- Associated Press - Sunday, August 16, 2015

MURRAY, Ky. (AP) - Local woodworker Wyatt Severs knows that sometimes the obstacles in life set us on the path to success.

Severs, a southern Illinois native who now lives in Murray, has dyslexia. When he was in elementary school, the condition was seen as embarrassing, proof he would never be “book smart” enough for college. Even now, the condition keeps him from certain job opportunities.

“Any job that (requires) a lot of reading and writing … wasn’t a good option for me. So when I came across woodworking, I thought, ‘This is really great. I can express myself,’” he said.

What began as an outlet for Severs has become his livelihood. He was honored earlier this year with a Kentucky Arts Council’s Emerging Artists Grant of $1,000; he was the only visual artist in the commonwealth to receive the recognition. The grant is given on a rotating basis to professionals beginning their careers in the fields of literary and visual arts, composing, choreography, and media arts.

Severs isn’t sure what he plans to do with the money, but he said it will likely go toward his work as an instructor. He started down that road in 2006 as a teaching assistant at Murray State University. He’s now racked up a long list of apprenticeships, residencies and teaching positions in locales ranging from Gatlinburg, Tennessee, to Northland, New Zealand.

The woodworker said his love for working with students - particularly those with learning or other disabilities - comes from his own experience. In elementary school, he was pulled out of his regular classes and put in remedial learning, which he described as “horrible.”

“That’s … what gives me a passion to want to be a teacher: to make sure that doesn’t happen to other kids,” he said.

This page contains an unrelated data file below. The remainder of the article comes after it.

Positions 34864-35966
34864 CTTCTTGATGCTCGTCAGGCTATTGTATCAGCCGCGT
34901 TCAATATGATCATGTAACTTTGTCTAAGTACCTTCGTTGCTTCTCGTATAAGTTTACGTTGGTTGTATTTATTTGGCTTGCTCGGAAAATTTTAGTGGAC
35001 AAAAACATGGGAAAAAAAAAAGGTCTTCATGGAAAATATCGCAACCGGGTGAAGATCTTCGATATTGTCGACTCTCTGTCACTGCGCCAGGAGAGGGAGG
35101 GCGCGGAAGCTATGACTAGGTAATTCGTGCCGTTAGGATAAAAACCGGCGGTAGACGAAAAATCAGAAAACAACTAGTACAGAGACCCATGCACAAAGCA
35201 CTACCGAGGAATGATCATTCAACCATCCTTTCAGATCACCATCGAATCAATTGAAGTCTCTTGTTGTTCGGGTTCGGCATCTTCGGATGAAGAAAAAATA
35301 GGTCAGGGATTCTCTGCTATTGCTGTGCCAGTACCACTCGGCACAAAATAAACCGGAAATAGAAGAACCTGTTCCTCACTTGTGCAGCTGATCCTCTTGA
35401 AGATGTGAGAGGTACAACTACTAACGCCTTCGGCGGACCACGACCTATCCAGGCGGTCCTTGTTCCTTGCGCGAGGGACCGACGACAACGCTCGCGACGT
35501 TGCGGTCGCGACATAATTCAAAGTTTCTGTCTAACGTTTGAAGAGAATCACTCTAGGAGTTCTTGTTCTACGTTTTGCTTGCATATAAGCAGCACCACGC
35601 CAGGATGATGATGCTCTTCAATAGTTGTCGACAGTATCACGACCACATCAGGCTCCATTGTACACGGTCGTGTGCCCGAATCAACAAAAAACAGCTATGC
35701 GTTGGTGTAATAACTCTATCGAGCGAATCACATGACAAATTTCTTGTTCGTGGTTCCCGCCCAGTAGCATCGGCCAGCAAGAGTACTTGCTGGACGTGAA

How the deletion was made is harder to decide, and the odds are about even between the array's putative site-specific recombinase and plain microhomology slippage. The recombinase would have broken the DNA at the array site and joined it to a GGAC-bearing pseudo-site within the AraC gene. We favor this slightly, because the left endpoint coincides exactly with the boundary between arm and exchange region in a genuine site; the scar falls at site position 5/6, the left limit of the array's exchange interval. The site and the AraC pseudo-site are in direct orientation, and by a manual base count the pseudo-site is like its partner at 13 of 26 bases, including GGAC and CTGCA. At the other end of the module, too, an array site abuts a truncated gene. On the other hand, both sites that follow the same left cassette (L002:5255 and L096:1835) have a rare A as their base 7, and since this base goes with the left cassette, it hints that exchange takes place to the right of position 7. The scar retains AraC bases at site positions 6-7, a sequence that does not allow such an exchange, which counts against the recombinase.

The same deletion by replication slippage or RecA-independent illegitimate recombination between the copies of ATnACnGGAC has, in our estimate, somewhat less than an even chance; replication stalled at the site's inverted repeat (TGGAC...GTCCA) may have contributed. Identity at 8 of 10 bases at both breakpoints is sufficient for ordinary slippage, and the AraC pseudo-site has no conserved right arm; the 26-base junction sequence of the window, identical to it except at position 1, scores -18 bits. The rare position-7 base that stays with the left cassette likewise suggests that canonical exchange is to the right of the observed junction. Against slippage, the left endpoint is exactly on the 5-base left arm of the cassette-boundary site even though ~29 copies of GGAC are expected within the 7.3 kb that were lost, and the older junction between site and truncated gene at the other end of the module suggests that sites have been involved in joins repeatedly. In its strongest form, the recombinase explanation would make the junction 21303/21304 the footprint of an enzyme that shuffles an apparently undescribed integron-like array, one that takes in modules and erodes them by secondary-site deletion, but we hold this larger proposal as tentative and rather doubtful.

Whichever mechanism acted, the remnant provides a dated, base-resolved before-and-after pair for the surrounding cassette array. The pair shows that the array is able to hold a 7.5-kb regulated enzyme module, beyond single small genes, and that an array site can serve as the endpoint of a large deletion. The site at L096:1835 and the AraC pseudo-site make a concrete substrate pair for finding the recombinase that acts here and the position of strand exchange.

Woodworking, Severs said, can introduce children to new ways of looking at the world.

“Kids don’t really get much experience with that these days, as far as how things are made,” he said.

Before he became interested in woodworking, Severs drew. Since he struggled to write, his drawings sometimes served as a personal documentation of his life, a pictorial journal of sorts. Severs intended to pursue sculpture when he first began studying woodworking at Murray, but he’s since found himself taking a different route.

“I wanted to learn the characteristics and the limitations of the wood. I thought the best way to do that is to pick stuff that requires a massive amount of precision,” he said.

A self-described nature lover, Severs builds mainly with cherry and maple, often employing a brick-like pattern on the furniture’s surface. He occasionally incorporates painting or drawing onto the objects. He said it can take him anywhere from a couple of days to build a small table to several months for a larger piece. The slower pace of woodworking suits the process-oriented artist.

“I’ve never really been a career-grower. I don’t produce work (quickly) like one should to get to the top of the ladder … which is OK, because I think the world’s in too much of a rush and needs to slow down,” he said.


Information from: The Paducah Sun, https://www.paducahsun.com

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